4. Smell 



We each know what our car smells like: Mostly, it smells like us, which is why it offends other people. Or it may smell like some combination of new-car smell, wet dog, old juice boxes and maybe grandma. If you notice a new smell — especially if you know it didn’t come from you — it’s best to pull over and investigate it. It could be relatively benign such as when you drive over a plastic grocery bag and it sticks to your hot catalytic converter or a meatball sub that slid under the passenger seat. But it could be something more serious like wire insulation burning or a gas leak. So if you notice a smell that’s unusual and you can’t identify it, it’s best to pull over and make sure it’s nothing getting ready to cause a disaster.

Your two primary concerns are gasoline, which you should never smell in the passenger compartment once you’re moving, and something that’s smoldering and could catch fire. Smoldering electrical wires are the most common source of fire. Once you pull over, you should investigate the smell carefully. And if you’re at all concerned, call for help.


3. Smoke 


There are lots of reasons why smoke might be issuing forth from your vehicle.But almost all of them are bad. Some are not emergencies such as when engine oil is dripping onto a hot exhaust pipe since a small amount of oil can produce a lot of smoke. But other times where there’s smoke, there’s fire. Or there soon will be. If you see smoke, it’s best to pull over and check it out.


2. Flames 



If you see flames spouting from anywhere in your car, pull over immediately.Not only is your car beginning to turn into automotive flambé before your eyes, but there’s a risk to your life, as well. Even if the flames aren’t burning you, per se, the fumes may be doing you in. So unless you’re a trained firefighter, the best thing to do is look out for your own safety. Pull over, lace up your Pro Keds, get a safe distance away from your car and call 911. Then, and only then, do we advise pulling out your long, pronged fork and roasting marshmallows.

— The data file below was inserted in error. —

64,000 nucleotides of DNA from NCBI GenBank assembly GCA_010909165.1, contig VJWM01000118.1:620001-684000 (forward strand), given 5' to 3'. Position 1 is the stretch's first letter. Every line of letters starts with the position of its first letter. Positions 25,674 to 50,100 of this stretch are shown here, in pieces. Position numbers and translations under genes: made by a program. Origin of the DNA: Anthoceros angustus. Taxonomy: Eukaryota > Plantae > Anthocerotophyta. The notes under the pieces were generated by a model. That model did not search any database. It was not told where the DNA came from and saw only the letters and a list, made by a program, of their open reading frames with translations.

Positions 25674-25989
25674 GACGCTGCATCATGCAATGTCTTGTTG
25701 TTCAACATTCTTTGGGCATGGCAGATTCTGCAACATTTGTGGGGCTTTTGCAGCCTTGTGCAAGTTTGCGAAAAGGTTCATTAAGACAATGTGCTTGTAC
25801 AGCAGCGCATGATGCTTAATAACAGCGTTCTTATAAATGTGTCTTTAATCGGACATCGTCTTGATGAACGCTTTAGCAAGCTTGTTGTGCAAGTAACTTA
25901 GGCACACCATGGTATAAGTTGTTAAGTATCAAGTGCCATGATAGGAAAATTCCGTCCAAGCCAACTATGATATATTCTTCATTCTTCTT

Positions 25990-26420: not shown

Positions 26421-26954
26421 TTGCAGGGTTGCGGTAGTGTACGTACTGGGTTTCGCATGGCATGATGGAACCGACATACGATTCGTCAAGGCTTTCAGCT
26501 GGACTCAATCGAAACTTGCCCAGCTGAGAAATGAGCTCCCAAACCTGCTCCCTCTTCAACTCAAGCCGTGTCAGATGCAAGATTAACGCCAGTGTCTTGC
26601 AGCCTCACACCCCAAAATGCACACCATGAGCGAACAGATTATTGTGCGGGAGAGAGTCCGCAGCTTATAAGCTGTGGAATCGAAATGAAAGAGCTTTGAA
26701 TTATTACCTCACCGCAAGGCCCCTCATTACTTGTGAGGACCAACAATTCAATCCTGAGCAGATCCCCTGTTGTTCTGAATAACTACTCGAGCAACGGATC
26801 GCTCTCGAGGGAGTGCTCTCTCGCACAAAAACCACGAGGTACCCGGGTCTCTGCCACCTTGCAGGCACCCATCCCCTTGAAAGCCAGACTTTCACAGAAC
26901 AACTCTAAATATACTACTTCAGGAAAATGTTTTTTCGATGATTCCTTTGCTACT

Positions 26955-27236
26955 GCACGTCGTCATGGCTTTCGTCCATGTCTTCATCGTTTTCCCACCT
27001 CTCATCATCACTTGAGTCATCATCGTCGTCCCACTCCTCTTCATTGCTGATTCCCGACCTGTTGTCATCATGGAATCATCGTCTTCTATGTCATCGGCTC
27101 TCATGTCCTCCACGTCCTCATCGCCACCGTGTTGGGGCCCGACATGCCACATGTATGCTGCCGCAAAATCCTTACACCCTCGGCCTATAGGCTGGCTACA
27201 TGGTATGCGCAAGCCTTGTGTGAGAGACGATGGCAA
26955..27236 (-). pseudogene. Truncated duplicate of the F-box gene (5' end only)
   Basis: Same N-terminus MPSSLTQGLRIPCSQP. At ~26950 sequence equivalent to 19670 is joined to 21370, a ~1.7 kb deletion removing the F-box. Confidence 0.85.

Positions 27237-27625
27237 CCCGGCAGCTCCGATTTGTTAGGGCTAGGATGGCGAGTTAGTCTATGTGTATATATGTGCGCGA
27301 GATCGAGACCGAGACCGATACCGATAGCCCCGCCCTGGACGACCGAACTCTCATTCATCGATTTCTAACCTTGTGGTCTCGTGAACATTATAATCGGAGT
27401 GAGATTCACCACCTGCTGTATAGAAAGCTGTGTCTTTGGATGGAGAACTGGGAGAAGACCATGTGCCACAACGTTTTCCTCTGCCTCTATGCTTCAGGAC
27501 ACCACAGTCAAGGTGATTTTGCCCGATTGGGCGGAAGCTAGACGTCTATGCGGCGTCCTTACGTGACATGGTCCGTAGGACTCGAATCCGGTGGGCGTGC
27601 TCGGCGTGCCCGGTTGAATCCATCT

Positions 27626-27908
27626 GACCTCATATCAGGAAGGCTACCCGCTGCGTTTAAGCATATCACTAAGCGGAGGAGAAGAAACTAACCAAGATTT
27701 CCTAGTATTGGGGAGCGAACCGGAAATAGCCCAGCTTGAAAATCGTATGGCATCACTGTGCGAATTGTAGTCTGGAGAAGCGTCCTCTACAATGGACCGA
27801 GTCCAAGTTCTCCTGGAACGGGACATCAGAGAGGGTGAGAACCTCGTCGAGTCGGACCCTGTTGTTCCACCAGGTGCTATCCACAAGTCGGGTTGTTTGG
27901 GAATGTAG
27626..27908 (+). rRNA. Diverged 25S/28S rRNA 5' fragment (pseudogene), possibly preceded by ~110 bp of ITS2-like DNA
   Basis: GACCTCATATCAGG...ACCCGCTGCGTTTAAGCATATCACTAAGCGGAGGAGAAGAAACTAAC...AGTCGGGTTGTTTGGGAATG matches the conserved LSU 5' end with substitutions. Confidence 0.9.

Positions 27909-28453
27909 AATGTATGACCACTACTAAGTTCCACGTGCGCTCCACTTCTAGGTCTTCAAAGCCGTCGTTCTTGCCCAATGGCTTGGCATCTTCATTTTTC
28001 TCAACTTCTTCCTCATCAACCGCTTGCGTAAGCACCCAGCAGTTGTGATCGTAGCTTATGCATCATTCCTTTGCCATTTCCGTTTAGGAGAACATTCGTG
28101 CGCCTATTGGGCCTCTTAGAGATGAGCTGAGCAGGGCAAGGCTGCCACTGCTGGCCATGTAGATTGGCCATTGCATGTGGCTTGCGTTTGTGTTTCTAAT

1. Blue Lights 



Remember what happens if you don’t pull over when you see blue lights .


One final note: What does it mean to “pull over immediately”? It means pull over as quickly as it’s safe to do so. Don’t swerve across five lanes of traffic. Check around you. Check the side of the road to see if there’s a place to pull off. And then pull over.

Visit CarTalk.com for the orginal article and other informative (and entertaining) automotive articles

Our son Oliver has brought to our attention that for his last few teeth, the tooth fairy seems to have totally dropped the ball, often taking DAYS to make payments for teeth left under his pillow.  Several mornings he woke up looking to collect his bounty, only to find that the assigned tooth fairy was not attending to his/her duties punctually.  Well…this morning Ollie finally learned that his tooth fairy is a male (name not disclosed presumably to protect his TF’s privacy).  He also learned how badly his tooth fairy was really performing, but now that management is on it, he shouldn’t have any persistent service issues…

Our other vehicles need love too

Posted September 5, 2011 By dad

True Confession time: It’s not all vintage vehicle fun at the Three Lions Garage.  Our newer vehicles need care too.  While I’ll admit that I’ll rarely decide to sacrifice any of the few precious hours I can manage to dedicate to the garage each week on projects as routine as oil changes or tune ups on our Prius, I’ll often make time for performance upgrade projects and repairs.

I guess I just spilled it: yes — we have a Prius.  For those of you who don’t drive one, you should know it’s a terrific vehicle which comfortably seats all 5 of us.  More importantly, it offers Linda a daily opportunity to offset my substantial carbon footprint.  But I digress…